Claude Lévi-Strauss

Claude Lévi-Strauss (1908 – 2009)

French

Claude Lévi-Strauss (28 November 1908 – 30 October 2009) was a French anthropologist and ethnologist.

His work was key in the development of the theory of structuralism and structural anthropology.

He held the chair of Social Anthropology at the Collège de France between 1959 and 1982 and was elected a member of the Académie française in 1973.

He received numerous honors from universities and institutions throughout the world and has been called, alongside James George Frazer and Franz Boas, the "father of modern anthropology".

Lévi-Strauss argued that the "savage" mind had the same structures as the "civilized" mind and that human characteristics are the same everywhere.

These observations culminated in his famous book Tristes Tropiques that established his position as one of the central figures in the structuralist school of thought.

As well as sociology, his ideas reached into many fields in the humanities, including philosophy.

Claude Lévi-Strauss was born to French Jewish parents who were living in Brussels at the time, where his father was working as a portrait painter.

 He grew up in Paris, living on a street of the upscale 16th arrondissement named after the artist Claude Lorrain, whose work he admired and later wrote about.

During the First World War, he lived with his maternal grandfather, who was the rabbi of the synagogue of Versailles. He attended the Lycée Janson de Sailly and the Lycée Condorcet.

At the Sorbonne in Paris, Lévi-Strauss studied law and philosophy. He did not pursue his study of law, but passed the agrégation in philosophy in 1931.

In 1935, after a few years of secondary-school teaching, he took up a last-minute offer to be part of a French cultural mission to Brazil in which he would serve as a visiting professor of sociology at the University of São Paulo while his then wife, Dina, served as a visiting professor of ethnology.

The couple lived and did their anthropological work in Brazil from 1935 to 1939. During this time, while he was a visiting professor of sociology, Claude undertook his only ethnographic fieldwork.

In the 1980s, he suggested why he became vegetarian in pieces published in Italian daily newspaper La Repubblica and other publications anthologized in the posthumous book Nous sommes tous des cannibales (2013).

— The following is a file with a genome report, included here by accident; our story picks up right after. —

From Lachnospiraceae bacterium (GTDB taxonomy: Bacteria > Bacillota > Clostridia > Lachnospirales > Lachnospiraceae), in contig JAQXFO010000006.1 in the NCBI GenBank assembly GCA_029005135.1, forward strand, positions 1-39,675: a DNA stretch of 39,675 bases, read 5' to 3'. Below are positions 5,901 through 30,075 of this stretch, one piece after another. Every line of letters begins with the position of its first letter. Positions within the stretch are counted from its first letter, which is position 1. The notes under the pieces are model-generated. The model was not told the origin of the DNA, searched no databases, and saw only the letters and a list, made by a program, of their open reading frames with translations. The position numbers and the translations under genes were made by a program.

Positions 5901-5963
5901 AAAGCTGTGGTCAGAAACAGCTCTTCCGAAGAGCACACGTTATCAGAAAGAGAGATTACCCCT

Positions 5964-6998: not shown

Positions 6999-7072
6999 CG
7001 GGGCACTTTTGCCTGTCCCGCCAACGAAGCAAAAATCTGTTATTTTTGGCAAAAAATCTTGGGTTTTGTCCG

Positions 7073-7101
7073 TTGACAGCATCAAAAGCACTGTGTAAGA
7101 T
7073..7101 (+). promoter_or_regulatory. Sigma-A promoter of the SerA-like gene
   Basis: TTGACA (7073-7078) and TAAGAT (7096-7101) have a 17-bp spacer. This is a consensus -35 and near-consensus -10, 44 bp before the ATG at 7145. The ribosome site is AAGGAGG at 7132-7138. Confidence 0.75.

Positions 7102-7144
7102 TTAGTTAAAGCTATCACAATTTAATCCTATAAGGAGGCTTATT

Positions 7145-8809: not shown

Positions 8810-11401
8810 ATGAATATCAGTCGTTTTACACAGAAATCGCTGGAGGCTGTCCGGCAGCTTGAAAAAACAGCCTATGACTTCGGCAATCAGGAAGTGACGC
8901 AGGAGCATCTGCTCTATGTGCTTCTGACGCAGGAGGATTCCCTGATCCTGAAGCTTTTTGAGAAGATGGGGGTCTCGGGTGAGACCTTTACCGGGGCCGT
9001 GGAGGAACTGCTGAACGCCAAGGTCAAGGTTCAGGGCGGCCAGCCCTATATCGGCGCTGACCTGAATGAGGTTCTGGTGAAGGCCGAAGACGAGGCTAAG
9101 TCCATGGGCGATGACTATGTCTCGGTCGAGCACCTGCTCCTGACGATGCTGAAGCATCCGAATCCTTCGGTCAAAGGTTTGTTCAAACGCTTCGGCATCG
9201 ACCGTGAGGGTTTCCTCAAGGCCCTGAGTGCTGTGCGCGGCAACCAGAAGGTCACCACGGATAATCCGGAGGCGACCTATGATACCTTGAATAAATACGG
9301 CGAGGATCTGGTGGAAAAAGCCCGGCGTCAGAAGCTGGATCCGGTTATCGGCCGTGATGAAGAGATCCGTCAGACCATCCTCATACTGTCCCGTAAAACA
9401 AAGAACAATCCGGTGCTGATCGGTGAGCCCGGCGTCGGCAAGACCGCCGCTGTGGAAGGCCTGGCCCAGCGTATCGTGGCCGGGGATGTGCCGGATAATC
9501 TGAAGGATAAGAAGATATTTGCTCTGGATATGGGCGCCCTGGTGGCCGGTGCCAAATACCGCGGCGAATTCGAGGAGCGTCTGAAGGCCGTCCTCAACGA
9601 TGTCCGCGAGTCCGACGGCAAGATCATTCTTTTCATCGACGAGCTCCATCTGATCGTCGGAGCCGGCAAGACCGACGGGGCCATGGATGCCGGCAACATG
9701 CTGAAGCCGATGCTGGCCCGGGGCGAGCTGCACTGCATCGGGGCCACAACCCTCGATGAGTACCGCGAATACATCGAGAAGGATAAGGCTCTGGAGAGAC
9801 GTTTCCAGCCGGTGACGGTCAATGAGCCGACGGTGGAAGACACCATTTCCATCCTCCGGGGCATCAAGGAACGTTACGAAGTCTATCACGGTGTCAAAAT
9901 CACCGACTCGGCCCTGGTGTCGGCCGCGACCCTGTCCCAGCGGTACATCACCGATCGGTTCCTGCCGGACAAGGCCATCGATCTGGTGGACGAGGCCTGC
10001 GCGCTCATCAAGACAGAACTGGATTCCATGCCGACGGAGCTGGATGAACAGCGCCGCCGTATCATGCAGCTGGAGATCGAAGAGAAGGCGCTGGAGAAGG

Lévi-Strauss returned to France in 1939 to take part in the war effort, and was assigned as a liaison agent to the Maginot Line.

After the French capitulation in 1940, he was employed at a lycée in Montpellier, but then was dismissed under the Vichy racial laws.

The Elementary Structures of Kinship was published the next year and quickly came to be regarded as one of the most important anthropological works on kinship.

Throughout the late 1940s and early 1950s, Lévi-Strauss continued to publish and experienced considerable professional success.

While Lévi-Strauss was well known in academic circles, in 1955 he became one of France's best known intellectuals by publishing Tristes Tropiques in Paris that year by Plon.

Lévi-Strauss was named to a chair in social anthropology at the Collège de France in 1959.

Lévi-Strauss completed the final volume of Mythologiques in 1971. On 14 May 1973, he was elected to the Académie française, France's highest honour for a writer.

In 2008, he became the first member of the Académie française to reach the age of 100 and one of the few living authors to have his works published in the Bibliothèque de la Pléiade.

On the death of Maurice Druon on 14 April 2009, he became the Dean of the Académie, its longest-serving member.

He died on 30 October 2009, a few weeks before his 101st birthday. The death was announced four days later.

For Lévi-Strauss, the methods of linguistics became a model for all his earlier examinations of society. His analogies usually are from phonology.

Lévi-Strauss proposed that universal laws must govern mythical thought and resolve this seeming paradox, producing similar myths in different cultures.

Lévi-Strauss developed the comparison of the Bricoleur and Engineer in The Savage Mind. 

Lévi-Strauss's theory on the origin of the Trickster has been criticized on a number of points by anthropologists.

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